Mayim Bialik ’00, PhD.’07

Does Dr. Amy Farrah Fowler on the ABC sitcom Big Bang Theory seem a little familiar to you? Maybe it's because you had a class with her at UCLA. Actress Mayim Bialik ’00, PhD.’07 who plays delightfully smart, funny and nerdy Amy earned her undergraduate, and doctorate degrees at UCLA. The actress even shares a similar field of study with her TV alter ego – Amy Farrah Fowler holds a doctorate in neuro-biology, while actress Bialik holds a doctorate in neuroscience.

From 1991 to 1995, Bialik played the eponymous role on NBC's Blossom, where she explored life's issues with slightly older and more experienced friend Six. Although “This week on a very special episode of Blossom …” became a standard punch line, the show earned wide respect for mixing drama with comedy in a frank exploration of weighty topics, such as substance abuse and having sex for the first time.

When Blossom ended, Bialik enrolled at UCLA, earning degrees in neuroscience, Jewish studies and Hebrew. She took a break from live acting, though she did voice work on some animated series, including Johnny Bravo, Hey Arnold and Kim Possible.

In 2005, Bialik took time out of her graduate studies in neuroscience to step in front of the cameras again, playing a fictionalized version of herself on Kirsty Alley's pseudo-reality Showtime series, Fat Actress. Bialik stole the show in a two-episode story arc, in which she reminds Alley that she is a genius by figuring out Alley's digital security code. Bialik also tapped into her neuroscience background, tells Alley about the Koi Theory of weight loss – a body shrinks to fit miniature surroundings – which turns out to be part Bialik’s evil revenge scheme.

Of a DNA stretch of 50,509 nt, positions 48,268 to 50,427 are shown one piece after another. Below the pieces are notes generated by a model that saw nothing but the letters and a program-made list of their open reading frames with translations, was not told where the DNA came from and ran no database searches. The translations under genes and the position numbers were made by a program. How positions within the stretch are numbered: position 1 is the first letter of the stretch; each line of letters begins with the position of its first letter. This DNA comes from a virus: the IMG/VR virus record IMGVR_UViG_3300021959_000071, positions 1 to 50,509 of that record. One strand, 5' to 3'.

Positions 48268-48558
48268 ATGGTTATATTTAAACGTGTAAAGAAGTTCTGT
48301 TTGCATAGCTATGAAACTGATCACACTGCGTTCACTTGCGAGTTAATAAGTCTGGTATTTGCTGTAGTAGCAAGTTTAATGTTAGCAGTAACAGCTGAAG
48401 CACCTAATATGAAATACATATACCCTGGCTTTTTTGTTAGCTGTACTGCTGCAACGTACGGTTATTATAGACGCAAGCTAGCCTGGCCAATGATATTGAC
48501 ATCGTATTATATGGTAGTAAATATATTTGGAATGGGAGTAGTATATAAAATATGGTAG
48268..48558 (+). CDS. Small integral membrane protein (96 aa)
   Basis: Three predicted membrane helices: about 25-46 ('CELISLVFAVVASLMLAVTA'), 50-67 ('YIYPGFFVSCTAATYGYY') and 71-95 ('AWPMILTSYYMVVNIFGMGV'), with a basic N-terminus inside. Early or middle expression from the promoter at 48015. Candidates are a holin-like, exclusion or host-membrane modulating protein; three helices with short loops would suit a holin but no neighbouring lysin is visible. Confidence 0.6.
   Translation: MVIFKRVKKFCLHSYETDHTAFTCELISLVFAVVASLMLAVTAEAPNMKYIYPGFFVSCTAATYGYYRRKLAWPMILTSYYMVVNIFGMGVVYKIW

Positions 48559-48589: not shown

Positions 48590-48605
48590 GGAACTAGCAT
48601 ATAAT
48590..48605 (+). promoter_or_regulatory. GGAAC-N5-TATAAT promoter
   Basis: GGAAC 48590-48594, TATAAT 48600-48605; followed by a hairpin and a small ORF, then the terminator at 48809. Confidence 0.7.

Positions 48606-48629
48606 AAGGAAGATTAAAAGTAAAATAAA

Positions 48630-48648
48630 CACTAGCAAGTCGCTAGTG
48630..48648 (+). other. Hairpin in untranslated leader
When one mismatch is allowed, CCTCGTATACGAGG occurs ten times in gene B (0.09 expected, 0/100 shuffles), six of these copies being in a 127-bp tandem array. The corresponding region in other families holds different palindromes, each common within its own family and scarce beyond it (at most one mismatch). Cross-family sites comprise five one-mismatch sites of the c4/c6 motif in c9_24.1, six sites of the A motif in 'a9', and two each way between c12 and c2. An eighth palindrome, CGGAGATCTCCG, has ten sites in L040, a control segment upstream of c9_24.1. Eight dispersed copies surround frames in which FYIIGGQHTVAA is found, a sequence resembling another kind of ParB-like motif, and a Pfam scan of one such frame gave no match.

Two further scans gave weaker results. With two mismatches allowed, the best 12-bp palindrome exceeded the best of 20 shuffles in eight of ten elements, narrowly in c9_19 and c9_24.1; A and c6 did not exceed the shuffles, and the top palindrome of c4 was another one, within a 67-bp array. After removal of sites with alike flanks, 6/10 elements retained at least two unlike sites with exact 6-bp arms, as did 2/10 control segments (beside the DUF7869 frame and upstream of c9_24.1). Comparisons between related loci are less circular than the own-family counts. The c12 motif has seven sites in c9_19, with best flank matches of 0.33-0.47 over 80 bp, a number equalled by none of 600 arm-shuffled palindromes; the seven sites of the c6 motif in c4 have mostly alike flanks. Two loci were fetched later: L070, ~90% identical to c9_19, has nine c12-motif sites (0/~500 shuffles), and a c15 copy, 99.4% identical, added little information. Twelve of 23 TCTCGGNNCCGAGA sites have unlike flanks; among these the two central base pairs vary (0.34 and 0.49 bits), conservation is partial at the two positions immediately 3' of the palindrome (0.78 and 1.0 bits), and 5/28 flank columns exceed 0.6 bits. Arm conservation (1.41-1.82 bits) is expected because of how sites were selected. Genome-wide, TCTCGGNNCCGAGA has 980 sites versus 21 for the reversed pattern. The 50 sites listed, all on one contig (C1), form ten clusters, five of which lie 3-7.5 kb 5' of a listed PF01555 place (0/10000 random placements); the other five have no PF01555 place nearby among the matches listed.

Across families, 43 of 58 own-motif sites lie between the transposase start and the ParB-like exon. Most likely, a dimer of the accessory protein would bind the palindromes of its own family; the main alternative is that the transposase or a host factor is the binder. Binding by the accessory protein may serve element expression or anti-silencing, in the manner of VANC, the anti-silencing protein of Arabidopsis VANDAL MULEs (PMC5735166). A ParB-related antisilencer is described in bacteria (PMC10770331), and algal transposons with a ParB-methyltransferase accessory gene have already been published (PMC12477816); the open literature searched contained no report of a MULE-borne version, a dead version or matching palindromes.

Bialik first gained attention and critical praise playing a childhood version of Bette Midler's character in the 1988 film Beaches. Her other more recent appearances include the feature films Kalamazoo? (2005) and The Chicago 8 (2011) and television shows Curb Your Enthusiasm, Bones, Saving Grace and The Secret Life of the American Teenager.

Copyright © 2014 UCLA Alumni